What appears the be the crux of the matter is that men are afraid of being accused of sexual harassment. While it is impossible to discredit this fear as incidents of wrongful accusations have taken place, the extent to which it has burgeoned is unacceptable. The #MeToo movement was never a movement against men, but an empowering opportunity for women to speak up about their experiences as victims of sexual harassment. Not only were women supporting one another in sharing to the public that these incidents do occur, and are often swept under the rug, but offered men insight into behaviors and conversations that are typically deemed unwelcomed and unwarranted.

Restricting interaction with women in the workplace is not a solution, but a mere attempt at deflecting from the core issue. Resorting to isolation and exclusion relays the message that if men can't treat women how they want, then they rather not deal with them at all. Educating both men and women on what behaviors are unacceptable while also creating a work environment where men and women are held accountable for their actions would be the ideal scenario. However, the impact of denying women opportunities of mentorship and productive one-on-one meetings hinders growth within their careers and professional networks.

Women, particularly women of color, have always had far fewer opportunities for mentorship which makes it impossible to achieve growth within their careers without them. If women are given limited opportunities to network in and outside of a work environment, then men must limit those opportunities amongst each other, as well. At the most basic level, men should be approaching female colleagues as they would approach their male colleagues. Striving to achieve gender equality within the workplace is essential towards creating a safer environment.

While restricted communication and interaction may diminish the possibility of men being wrongfully accused of sexual harassment, it creates a hostile
environment that perpetuates women-shaming and victim-blaming. Creating distance between men and women only prompts women to believe that male colleagues who avoid them will look away from or entirely discredit sexual harassment they experience from other men in the workplace. This creates an unsafe working environment for both parties where the problem at hand is not solved, but overlooked.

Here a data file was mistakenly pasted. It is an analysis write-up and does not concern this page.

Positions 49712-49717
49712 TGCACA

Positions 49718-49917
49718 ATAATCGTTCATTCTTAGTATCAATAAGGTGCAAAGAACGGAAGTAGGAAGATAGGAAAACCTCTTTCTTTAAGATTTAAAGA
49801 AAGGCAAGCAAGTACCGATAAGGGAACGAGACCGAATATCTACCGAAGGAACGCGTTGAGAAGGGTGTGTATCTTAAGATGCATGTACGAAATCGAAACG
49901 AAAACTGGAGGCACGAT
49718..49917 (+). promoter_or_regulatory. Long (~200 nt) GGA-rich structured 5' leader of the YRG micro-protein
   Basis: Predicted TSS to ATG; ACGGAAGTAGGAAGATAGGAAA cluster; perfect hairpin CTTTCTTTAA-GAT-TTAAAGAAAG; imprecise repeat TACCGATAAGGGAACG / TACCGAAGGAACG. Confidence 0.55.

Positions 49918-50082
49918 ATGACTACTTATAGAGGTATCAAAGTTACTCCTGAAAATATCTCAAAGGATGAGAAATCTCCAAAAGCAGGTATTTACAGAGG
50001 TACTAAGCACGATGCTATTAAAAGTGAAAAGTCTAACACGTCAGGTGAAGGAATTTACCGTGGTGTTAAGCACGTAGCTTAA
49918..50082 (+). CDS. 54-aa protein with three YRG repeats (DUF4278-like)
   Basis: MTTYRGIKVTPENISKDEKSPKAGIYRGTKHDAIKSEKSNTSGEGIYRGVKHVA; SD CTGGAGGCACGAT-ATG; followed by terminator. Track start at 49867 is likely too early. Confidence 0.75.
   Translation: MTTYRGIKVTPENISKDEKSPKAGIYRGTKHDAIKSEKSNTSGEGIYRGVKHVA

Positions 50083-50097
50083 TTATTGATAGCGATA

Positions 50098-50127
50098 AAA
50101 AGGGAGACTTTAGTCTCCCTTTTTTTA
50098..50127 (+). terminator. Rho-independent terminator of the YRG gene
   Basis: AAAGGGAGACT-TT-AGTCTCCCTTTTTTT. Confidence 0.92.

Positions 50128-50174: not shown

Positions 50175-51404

According to LeanIn's study, only 85% of women said they feel safe on the job, a 5% drop from 2018. In the report, Jillesa Gebhardt wrote, "Media coverage that is intended to hold aggressors accountable also seems to create a sense of threat, and people don't seem to feel like aggressors are held accountable." Unfortunately, only 16% of workers believed that harassers holding high positions are held accountable for their actions which inevitably puts victims in difficult, and quite possibly dangerous, situations. 50% of workers also believe that there are more repercussions for the victims than harassers when speaking up.

In a research poll conducted by Edison Research in 2018, 30% of women agreed that their employers did not handle harassment situations properly while 53% percent of men agreed that they did. Often times, male harassers hold a significant amount of power within their careers that gives them a sense of security and freedom to go forward with sexual misconduct. This can be seen in cases such as that of Harvey Weinstein, Bill Cosby and R. Kelly. Men in power seemingly have little to no fear that they will face punishment for their actions.


Source-Alex Brandon, AP

Sheryl Sandberg, Facebook executive and founder of LeanIn.org., believes that in order for there to be positive changes within work environments, more women should be in higher positions. In an interview with CNBC's Julia Boorstin, Sandberg stated, "you know where the least sexual harassment is? Organizations that have more women in senior leadership roles. And so, we need to mentor women, we need to sponsor women, we need to have one-on-one conversations with them that get them promoted." Fortunately, the number of women in leadership positions are slowly increasing which means the prospect of gender equality and safer work environments are looking up.

Despite these concerning statistics, Sandberg does not believe that movements such as the Times Up and Me Too movements, have been responsible for the hardship women have been experiencing in the workplace. "I don't believe they've had negative implications. I believe they're overwhelmingly positive. Because half of women have been sexually harassed. But the thing is it is not enough. It is really important not to harass anyone. But that's pretty basic. We also need to not be ignored," she stated. While men may be feeling uncomfortable, putting an unrealistic amount of distance between themselves and female coworkers is more harmful to all parties than it is beneficial. Men cannot avoid working with women and vice versa. Creating such a hostile environment is also detrimental to any business as productivity and communication will significantly decrease.

The fear or being wrongfully accused of sexual harassment is a legitimate fear that deserves recognition and understanding. However, restricting interactions with women in the workplace is not a sensible solution as it can have negatively impact a woman's career. Companies are in need of proper training and resources to help both men and women understand what is appropriate workplace behavior. Refraining from physical interactions, commenting on physical appearance, making lewd or sexist jokes and inquiring about personal information are also beneficial steps towards respecting your colleagues' personal space. There is still much work to be done in order to create safe work environments, but with more and more women speaking up and taking on higher positions, women can feel safer and hopefully have less contributions to make to the #MeToo movement.